In our home, growing up, Easy-Off and Bleach were the nullifiers before Koshering the kitchen. Every plate, utensil, appliance, table, counters and chairs was slathered with the stuff, making any crumb left behind (as if there could be any!) completely inedible and, therefore, nullified. Then came the boiling waters, heated rocks and blowtorches. And then, came out the special just-for-Pesach dishes and appliances, as the Koshered old ones got put away as Chametz.
OCD doesn’t come close to Pesach-mania in a Hungarian home. My mother remembers her mom whitewashing the outside walls of the home. Bukharian kids told me that back in Bukhara there was the same intensity – there were actually separate Pesach homes for some of them. C’mon, why the intensity, if you can just do a cursory sweep-out, wash, Kasher and enjoy approach? And the answer, my friend, is that the more you put into something, the more you get out of it.
The more time I spend on the cleaning of my home, the more I have to reflect about the inside, emotional cleaning I must do. The more I scour and nullify my cabinets and gadgets, the more I have to force myself to ask if I’ve nullified my pride and evil inclination. The more I slave away at trying to ensure my home is ready to accept G-d’s commandment of absolutely no Chametz, the more connected and crazy-with-love for G-d I will be.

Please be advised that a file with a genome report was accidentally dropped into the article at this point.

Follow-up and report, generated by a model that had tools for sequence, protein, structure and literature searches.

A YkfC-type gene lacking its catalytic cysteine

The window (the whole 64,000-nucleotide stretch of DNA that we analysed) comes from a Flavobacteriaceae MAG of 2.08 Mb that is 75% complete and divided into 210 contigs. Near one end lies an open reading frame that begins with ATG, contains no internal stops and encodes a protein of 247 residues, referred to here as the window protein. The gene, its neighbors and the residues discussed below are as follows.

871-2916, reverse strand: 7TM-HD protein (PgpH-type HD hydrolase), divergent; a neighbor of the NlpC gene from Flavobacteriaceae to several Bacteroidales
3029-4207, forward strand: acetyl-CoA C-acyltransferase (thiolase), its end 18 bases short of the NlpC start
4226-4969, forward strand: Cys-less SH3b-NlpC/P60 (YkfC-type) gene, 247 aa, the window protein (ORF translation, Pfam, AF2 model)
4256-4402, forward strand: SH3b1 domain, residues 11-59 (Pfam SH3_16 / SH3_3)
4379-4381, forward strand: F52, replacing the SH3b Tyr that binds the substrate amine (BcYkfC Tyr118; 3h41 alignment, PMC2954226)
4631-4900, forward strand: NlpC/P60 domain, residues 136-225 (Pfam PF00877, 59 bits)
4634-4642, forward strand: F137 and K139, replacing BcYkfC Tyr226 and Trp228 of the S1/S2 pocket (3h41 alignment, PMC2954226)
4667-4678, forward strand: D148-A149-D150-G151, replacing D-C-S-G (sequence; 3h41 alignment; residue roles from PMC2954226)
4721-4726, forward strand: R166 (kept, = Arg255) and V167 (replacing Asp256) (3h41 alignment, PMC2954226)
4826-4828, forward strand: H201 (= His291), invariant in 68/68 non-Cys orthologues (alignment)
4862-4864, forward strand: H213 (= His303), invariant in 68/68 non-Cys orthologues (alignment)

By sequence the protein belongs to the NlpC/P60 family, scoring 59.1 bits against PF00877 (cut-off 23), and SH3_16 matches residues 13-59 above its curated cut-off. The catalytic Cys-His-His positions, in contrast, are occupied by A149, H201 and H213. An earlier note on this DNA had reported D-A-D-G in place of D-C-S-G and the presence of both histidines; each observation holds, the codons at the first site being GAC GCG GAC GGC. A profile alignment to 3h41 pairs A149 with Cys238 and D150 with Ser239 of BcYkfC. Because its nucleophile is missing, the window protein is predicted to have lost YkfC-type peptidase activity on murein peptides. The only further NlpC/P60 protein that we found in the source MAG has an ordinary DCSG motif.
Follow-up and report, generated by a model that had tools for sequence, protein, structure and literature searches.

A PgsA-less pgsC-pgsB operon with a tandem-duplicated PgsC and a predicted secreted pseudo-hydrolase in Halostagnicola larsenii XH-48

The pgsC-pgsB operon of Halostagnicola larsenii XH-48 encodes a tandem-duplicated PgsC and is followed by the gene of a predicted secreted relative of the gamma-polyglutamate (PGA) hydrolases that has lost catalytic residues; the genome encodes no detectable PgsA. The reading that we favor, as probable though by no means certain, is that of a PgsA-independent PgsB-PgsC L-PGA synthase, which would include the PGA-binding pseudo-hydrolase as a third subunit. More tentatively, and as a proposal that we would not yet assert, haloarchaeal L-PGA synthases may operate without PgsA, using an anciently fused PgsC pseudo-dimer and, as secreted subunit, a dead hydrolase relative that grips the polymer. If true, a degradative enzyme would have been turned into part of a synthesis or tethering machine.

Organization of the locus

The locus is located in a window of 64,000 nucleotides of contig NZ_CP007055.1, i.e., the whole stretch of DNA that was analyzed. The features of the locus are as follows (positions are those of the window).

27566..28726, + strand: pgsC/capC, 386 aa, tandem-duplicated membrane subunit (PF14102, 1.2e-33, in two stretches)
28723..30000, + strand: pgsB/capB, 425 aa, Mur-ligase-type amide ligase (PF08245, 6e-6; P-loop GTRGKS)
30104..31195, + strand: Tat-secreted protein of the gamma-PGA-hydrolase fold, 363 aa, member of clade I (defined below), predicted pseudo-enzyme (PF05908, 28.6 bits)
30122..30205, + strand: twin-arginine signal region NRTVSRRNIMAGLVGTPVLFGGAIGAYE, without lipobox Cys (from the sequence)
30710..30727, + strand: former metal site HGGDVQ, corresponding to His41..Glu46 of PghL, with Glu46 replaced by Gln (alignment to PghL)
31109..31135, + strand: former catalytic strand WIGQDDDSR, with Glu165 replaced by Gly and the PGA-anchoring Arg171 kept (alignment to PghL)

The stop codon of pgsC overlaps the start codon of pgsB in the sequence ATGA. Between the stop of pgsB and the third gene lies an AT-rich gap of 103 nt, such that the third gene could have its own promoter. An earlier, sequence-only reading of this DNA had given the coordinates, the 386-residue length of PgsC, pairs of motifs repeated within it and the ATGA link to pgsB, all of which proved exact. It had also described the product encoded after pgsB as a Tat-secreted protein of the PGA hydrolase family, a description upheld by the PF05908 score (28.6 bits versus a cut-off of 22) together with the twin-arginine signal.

So, my friends, yes, you can do it the easy way. Yet, the extra effort does deepen the experience. Trust me, as I wave my bleach-scented hands in emphasis.
Here is a clever and fun way of explaining how to Kasher a kitchen, put together by the Ayelet HaShachar organization: http://www.youtube.com/watch?v=ksG3C8VpRpw&feature=related
And, for a truly spiritual insight into obligations, listen to Rabbi Tatz discuss slavery and freedom here: http://www.simpletoremember.com/media/a/leaving-egypt-freedom-and-obligation/